From the coasts to the heartland, Americans say our country is on the wrong track


A majority of Americans of differing backgrounds across the country think Donald Trump and the GOP are leading the nation down "the wrong track."

In a striking display of unity, the majority of voters from virtually every demographic currently believe the United States is "on the wrong track" under Donald Trump and the Republican-controlled Congress, according to a recent Morning Consult/Politico poll.

The poll also showed that in just one week, support for Trump's impeachment rose 5 percent.

Defying the common narrative of satisfaction with Trump and the GOP among rural and lower-income voters, the respondents voicing dissatisfaction with the direction in which the country is headed represented a wide array of backgrounds and identities.

Americans living in urban areas were slightly more likely than those living in rural areas to be concerned about our nation being on the wrong track, but only by the slim margin of 60 percent to 57 percent.

And the worries are not limited to the coastal, typically more liberal parts of the country, either. While 64 percent of respondents in the Northeast and 60 percent in the West voices such concerns, so too did 60 percent of those polled in the Midwest and 56 percent of those in the South.

In addition, the majority of people holding both "blue collar" and "white collar" jobs said they are dissatisfied with the track we are on; in fact, slightly more blue collar workers (60 percent) than white collar (57 percent) expressed such sentiment. So too did majorities of Americans at all educational levels, as 60 percent of respondents with post-graduate degrees, 56 percent with bachelor's degrees, and 61 percent with no college degree agreed we are on the wrong track.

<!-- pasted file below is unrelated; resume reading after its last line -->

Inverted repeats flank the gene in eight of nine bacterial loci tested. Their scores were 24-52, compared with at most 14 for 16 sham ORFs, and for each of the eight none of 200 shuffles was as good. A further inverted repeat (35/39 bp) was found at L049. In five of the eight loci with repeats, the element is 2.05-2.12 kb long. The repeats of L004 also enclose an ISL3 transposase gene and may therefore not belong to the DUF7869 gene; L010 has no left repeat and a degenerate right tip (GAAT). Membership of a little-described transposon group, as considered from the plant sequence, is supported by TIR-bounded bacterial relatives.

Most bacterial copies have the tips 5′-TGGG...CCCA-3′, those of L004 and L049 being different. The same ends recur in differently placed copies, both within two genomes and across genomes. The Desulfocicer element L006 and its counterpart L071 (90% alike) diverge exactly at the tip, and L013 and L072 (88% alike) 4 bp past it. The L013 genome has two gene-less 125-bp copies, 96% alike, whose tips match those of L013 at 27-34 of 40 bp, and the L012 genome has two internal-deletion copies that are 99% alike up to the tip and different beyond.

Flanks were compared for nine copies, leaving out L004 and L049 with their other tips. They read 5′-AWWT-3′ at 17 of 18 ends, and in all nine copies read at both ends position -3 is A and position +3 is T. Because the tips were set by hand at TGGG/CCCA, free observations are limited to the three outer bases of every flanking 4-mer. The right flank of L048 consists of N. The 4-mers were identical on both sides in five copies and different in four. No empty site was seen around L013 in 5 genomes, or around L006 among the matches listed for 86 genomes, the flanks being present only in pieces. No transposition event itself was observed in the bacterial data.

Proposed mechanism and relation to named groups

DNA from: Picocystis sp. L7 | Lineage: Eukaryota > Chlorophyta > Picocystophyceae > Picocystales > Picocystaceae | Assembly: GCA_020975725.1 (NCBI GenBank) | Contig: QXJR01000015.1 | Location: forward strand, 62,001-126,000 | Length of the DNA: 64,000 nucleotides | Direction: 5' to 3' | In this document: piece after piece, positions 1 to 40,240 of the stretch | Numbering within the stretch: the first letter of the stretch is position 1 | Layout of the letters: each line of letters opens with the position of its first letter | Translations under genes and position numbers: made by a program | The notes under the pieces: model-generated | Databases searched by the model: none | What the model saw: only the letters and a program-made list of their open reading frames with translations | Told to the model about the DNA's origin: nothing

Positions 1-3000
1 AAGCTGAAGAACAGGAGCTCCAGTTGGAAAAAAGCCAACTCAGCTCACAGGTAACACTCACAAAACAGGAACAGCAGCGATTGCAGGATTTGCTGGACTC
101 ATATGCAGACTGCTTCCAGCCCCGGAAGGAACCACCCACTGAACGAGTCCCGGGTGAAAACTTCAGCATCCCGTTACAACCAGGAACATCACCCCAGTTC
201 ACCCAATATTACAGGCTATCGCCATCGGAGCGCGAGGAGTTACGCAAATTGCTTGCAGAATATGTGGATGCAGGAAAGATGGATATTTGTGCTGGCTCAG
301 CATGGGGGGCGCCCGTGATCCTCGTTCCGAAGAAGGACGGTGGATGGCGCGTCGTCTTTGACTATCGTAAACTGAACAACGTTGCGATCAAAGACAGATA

Americans at higher income levels (above $100,000) were slightly less concerned (55 percent) than those at lower levels (61 percent of those earning under $50,000), but majorities at all income levels noted supported the "wrong track" statement.

Notably, however, the poll did not separate out income levels above $100,000. Americans in the top 1 percent will surely benefit most from the tax cuts proposed by Trump and the GOP, and thus would presumably be more supportive of their policies.

Unsurprisingly, given the GOP's anti-women policies, the percentage of concerned women was larger than that of men, at 64 percent to 54 percent. And the majority of voters of all races thought the country is on the wrong track, with 74 percent of Black Americans, 57 percent of white Americans, and 52 percent of Hispanic Americans. (Other racial and ethnic backgrounds were not separated out, though 64 percent of respondents classified as "Other" under ethnicity stated a "wrong track" belief.)

Despite the conventional wisdom, the dissatisfaction with and resistance to the Trump administration and the Republican-controlled Congress encompasses a wide-ranging and diverse group of Americans. And as each day brings new scandals and harmful policies, that group will only grow larger and broader.